In the human and animal world, cancer is a frightening and horrible disease to encounter however similar to humans, there are numerous treatment options and in many cases, higher chances of cures for our pets. The very threat of cancer would be one of the many reasons to make sure your pets are insured. Although there are great things we can now do to cure our pets of cancer, like humans, they are potentially expensive and have no guarantee of success. Every single week all veterinary clinics would have clients compromise on the best treatments available or not treat at all, due to the potential costs involved.
As veterinarians, we are delighted to be able to give a fighting chance to pets with serious illness, hence our strong advice that all pets be insured. As stated in our section on lumps, the best thing you can do is have any new lump checked out early because this gives the best chance of getting a positive result. Unfortunately many cancers start internally and the first sign may be an unwell patient. What options do we have for treating cancer in our pets? All the following are available:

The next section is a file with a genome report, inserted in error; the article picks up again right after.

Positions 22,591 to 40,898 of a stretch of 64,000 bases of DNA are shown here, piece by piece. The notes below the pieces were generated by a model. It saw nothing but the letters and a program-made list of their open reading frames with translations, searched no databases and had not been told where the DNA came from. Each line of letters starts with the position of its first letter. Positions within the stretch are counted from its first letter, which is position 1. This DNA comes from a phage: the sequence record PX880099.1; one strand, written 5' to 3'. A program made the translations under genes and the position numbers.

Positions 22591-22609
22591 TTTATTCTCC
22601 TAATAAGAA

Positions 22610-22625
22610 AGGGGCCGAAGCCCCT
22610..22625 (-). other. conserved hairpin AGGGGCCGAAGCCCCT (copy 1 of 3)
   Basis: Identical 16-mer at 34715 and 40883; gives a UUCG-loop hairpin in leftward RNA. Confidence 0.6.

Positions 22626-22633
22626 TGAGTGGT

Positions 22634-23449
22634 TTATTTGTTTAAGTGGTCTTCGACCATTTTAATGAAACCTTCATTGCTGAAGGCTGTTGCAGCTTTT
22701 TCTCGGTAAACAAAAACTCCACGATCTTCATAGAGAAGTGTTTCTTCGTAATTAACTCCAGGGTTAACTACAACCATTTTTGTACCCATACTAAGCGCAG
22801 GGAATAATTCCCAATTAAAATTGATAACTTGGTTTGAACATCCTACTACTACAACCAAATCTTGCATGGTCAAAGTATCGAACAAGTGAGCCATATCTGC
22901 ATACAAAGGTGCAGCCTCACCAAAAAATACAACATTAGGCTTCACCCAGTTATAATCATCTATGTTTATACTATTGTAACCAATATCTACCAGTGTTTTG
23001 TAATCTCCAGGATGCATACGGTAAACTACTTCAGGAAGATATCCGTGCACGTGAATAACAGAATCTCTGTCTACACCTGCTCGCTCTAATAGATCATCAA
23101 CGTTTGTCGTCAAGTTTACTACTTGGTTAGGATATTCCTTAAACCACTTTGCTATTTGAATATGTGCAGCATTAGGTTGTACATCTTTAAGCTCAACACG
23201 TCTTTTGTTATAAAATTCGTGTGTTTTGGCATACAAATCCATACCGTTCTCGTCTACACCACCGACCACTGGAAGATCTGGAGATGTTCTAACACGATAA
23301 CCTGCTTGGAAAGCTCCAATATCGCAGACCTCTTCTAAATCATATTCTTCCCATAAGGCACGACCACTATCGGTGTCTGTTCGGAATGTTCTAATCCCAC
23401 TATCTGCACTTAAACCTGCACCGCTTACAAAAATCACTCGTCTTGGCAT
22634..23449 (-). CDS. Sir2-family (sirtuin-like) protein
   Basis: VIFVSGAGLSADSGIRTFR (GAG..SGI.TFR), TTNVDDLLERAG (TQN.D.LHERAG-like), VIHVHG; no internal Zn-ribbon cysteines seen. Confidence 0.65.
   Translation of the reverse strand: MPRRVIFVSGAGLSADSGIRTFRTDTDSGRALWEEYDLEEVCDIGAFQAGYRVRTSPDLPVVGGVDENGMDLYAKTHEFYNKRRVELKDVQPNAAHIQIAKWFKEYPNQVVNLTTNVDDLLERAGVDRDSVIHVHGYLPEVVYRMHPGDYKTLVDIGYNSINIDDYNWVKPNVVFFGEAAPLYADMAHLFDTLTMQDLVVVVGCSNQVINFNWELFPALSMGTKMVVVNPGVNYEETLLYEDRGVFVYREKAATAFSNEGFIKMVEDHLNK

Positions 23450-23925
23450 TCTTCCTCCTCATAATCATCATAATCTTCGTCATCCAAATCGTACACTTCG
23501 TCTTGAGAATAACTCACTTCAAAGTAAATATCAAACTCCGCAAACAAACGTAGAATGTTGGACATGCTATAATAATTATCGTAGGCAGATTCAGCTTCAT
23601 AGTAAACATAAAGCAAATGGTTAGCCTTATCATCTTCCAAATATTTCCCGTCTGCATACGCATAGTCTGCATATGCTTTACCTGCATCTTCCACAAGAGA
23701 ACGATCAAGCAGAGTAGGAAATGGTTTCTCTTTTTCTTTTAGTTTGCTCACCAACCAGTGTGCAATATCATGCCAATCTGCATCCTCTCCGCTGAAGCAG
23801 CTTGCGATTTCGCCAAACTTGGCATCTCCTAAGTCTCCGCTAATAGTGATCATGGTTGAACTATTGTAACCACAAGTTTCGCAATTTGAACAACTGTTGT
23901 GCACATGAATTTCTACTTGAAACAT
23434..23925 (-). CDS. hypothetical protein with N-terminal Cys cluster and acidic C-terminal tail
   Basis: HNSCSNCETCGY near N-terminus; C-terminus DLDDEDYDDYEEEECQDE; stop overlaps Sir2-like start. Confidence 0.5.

- Surgical Excision (The mainstay of treatments)
Before the above considerations, a diagnosis of exactly what the cancer is would be advised. Depending on the type of cancer we can recommend which procedures will give the best results.
This is still the number one way to potentially cure a cancer. Depending on our level of suspicion we may recommend an initial surgery with a reasonable margin of tissue, and then consider sending it to pathology to identify exactly what it is. The advantage of a pathology report is that if a tumour comes back a lot more aggressive than we may have anticipated, a second more aggressive surgery or perhaps chemotherapy or radiation done now, gives a much greater chance of cure than waiting until the mass returns – at which time our chance of cure is significantly less.
Occasionally we may recommend a surgical biopsy of the mass first. The advantage of this is to see if we need a more aggressive surgery from the start. The disadvantages are increased cost and the need for two anesthetics.
Many dog and cat tumours these days are amenable to various forms of chemotherapy. Chemotherapy may give some chance of curing the cancer, or may just delay the cancers return for a significant period of time. At this stage, our chance of curing cancer with chemotherapy is not as good as human chemotherapy, however the good news for cats and dogs is that the side effects we suffer are not nearly so bad for our pets because they tolerate chemotherapy a lot better that we do.
Similar to chemotherapy, radiation is increasingly available to us as a weapon against cancer, and may potentially cure, or at least give a lot more quality time with a happy pet.